It’s one of those cases where it’s short-term gain, long-term pain. To oversimplify it, but here’s the essence of the problem: our political and economic cycles are too short. They’re thinking the next election, or the next 10 years — not the next 100 years.
How do you think Trudeau has responded?
He’s hitched to the Alberta wagon now, I think, like it or not … He can’t go back on it now. The political hit on going back on that would be devastating, especially given that people are still talking about electoral reform and he seems a bit of a duplicitous hypocrite.
He’s stuck with it. Alberta’s stuck with it. B.C.’s stuck with it. It’s a standoff, and I don’t think anybody knows how it’s going to end.
If I had to guess, I’d say it might end with Kinder Morgan saying “oh boy, this project isn’t viable anymore, we’re out.” I would imagine that’s the strategy of those who want to stop the pipeline: wait them out, make it become financially unviable or scare off investors. That would certainly be my strategy.
In some ways, all three political groups — the federal government, Alberta and B.C. — would politically win. That might be the political theodicy outcome, the best of all political worlds. If the construction pushes ahead and British Columbians are opposed to this — and boy, the ones who are opposed are really opposed — think they’re not being taken seriously or listened to, it’s going to get nasty very, very quickly.
Just a reminder that there’s two dimensions that I think people argue across without ever making explicit.
There’s a political dimension — which is to say an electoral dimension, who wins and who loses based on party support — and there’s the substantive policy dimension of it, like what’s good for the economy and what do you trade off against addressing climate change. There’s a legitimate debate to be had on both. But there’s a lot of bad faith activity on both sides, with people conflating those two things and the population is caught in the middle. That’s politics. That said, it’s the future of the country.
Politics is stupid.
You tweeted recently that politicians have done a bad job at addressing a lot of these causes of anger. What would it look like in your mind if politicians were actually addressing them?
These things need to be addressed structurally, and when I say that I mean that we need to find a way to make sure that cycles of boom and bust, continued environmental degradation, continuous growing unaffordability — features that are often common with liberal democracies and capitalist systems — are addressed in a way that’s at least semi-permanent if not permanent.
Part of that has to rely on bringing citizens into the decision-making process, making sure that not only are they listened to but they’re engaged in ways that are more meaningful than a town hall. You have citizen juries or citizen assemblies. You have regular meetings where people are given time and resources to sit down and take part in decision-making and be listened to. And then — and this is critical — you listen to them, follow-up and you do what they think you should do. There’s a lot of well-meaning chatter that never translates into action. We call it “democracy-washing.” You get cover because you went and did a town hall but then you go back and it’s life as usual.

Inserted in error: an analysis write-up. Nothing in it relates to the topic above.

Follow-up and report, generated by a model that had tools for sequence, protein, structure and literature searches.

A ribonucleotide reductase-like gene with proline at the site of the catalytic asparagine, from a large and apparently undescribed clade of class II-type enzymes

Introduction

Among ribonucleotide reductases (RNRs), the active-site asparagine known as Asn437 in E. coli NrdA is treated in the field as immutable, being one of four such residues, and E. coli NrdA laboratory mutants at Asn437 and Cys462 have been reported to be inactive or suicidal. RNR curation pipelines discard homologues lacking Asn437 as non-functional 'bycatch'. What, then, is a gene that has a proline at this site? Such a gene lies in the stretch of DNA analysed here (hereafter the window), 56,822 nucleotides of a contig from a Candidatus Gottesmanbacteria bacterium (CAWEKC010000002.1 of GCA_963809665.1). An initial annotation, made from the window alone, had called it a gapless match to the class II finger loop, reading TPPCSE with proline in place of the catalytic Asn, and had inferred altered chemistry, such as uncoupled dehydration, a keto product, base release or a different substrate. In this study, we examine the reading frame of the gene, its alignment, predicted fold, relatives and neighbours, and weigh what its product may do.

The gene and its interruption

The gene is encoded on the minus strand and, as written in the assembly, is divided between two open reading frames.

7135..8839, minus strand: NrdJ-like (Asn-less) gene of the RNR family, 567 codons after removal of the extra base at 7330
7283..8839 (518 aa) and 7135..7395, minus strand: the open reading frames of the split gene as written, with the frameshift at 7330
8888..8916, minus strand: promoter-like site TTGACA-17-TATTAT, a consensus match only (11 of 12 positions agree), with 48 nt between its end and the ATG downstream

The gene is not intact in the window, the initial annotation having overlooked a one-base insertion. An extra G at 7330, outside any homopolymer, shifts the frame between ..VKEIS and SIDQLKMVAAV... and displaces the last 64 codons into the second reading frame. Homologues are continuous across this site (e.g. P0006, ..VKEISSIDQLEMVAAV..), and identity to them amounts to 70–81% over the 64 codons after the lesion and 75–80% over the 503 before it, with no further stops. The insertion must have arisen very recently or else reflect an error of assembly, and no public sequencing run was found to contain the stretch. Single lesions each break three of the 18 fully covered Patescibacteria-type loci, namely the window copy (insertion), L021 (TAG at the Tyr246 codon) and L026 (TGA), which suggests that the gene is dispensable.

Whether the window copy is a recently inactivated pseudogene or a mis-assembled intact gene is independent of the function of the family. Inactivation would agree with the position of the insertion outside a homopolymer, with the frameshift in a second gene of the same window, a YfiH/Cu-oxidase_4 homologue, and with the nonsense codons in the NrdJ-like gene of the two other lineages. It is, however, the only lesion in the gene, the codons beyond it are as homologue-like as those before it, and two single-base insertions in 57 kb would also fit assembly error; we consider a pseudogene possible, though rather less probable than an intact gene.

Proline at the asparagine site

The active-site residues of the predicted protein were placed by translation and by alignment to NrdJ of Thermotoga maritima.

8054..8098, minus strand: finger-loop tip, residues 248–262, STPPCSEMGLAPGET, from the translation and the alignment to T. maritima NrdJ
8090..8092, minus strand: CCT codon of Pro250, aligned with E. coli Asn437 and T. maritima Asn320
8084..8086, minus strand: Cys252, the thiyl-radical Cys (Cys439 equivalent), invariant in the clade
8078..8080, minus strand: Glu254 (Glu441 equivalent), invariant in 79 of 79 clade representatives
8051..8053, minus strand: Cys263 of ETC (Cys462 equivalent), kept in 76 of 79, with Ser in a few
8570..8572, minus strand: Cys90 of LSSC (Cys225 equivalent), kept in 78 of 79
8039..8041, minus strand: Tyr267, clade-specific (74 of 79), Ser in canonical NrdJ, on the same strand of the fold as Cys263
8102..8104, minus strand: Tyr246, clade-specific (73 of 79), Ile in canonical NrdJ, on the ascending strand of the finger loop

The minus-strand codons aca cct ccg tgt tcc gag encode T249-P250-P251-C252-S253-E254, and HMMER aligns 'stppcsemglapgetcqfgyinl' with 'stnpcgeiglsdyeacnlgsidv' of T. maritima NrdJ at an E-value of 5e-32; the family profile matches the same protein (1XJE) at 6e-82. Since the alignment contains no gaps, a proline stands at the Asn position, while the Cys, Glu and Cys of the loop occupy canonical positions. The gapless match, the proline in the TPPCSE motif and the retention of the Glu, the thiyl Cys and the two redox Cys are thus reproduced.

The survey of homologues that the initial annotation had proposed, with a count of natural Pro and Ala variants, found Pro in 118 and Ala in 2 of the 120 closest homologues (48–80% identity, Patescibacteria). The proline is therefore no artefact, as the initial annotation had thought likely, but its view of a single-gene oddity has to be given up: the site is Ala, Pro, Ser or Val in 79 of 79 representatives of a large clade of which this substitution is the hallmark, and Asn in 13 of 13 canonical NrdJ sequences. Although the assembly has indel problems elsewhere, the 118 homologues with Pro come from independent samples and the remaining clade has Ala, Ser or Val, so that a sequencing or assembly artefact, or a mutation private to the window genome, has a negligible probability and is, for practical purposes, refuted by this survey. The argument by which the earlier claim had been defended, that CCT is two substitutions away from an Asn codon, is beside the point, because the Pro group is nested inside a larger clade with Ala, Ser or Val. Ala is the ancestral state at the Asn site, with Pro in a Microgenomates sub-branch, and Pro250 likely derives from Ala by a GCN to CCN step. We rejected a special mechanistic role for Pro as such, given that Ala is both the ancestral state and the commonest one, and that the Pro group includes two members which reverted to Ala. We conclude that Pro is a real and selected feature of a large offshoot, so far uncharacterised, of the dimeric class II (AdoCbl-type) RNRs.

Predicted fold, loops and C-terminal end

What does that mean? It probably means we need to dedicate state funds to making sure that people can afford to live. We probably need to decriminalize drugs, especially in the case of the opioid epidemic. We need to end housing speculation. We need to decide whether we’re all in on climate change or not. A pipeline agenda is inconsistent with that. These are big things, and it takes a lot of political capital and a lot of guts to get it done. But we’re not doing any of them, really.
When do you guess this might be resolved?
It’s really hard to say. Nobody wins from a trade war. Somebody might lose more than someone else. But nobody wins.
I would imagine all the politicians involved will probably take a bit of punishment because people will get frustrated. If it does stretch out for too long, whomever is up for re-election will bear the brunt of it the most.
One hopes that at some point, everyone realizes that by escalating everyone loses. But I’m not convinced anymore that’s going to happen. This might actually get quite nasty. If they push on and continue to develop the project, at some point the government of British Columbia is going to run out of options. I’m sure the courts will be vigorously involved. At some point, it’s going to hit the ground.
And then it’ll be up to the citizens of British Columbia to react however they think is appropriate. That’s where I think it’ll get particularly nasty, because it will no longer become political in the sense of relations between the provinces and the federal government. It’ll be political in the streets. It will stretch on ’til it’s over, one way or the other — whether it gets built or not. It will never not be a political battle. The question is whether it’s a battle in the courts, in the legislatures, in the press or in the streets? We’ll just have to wait and see.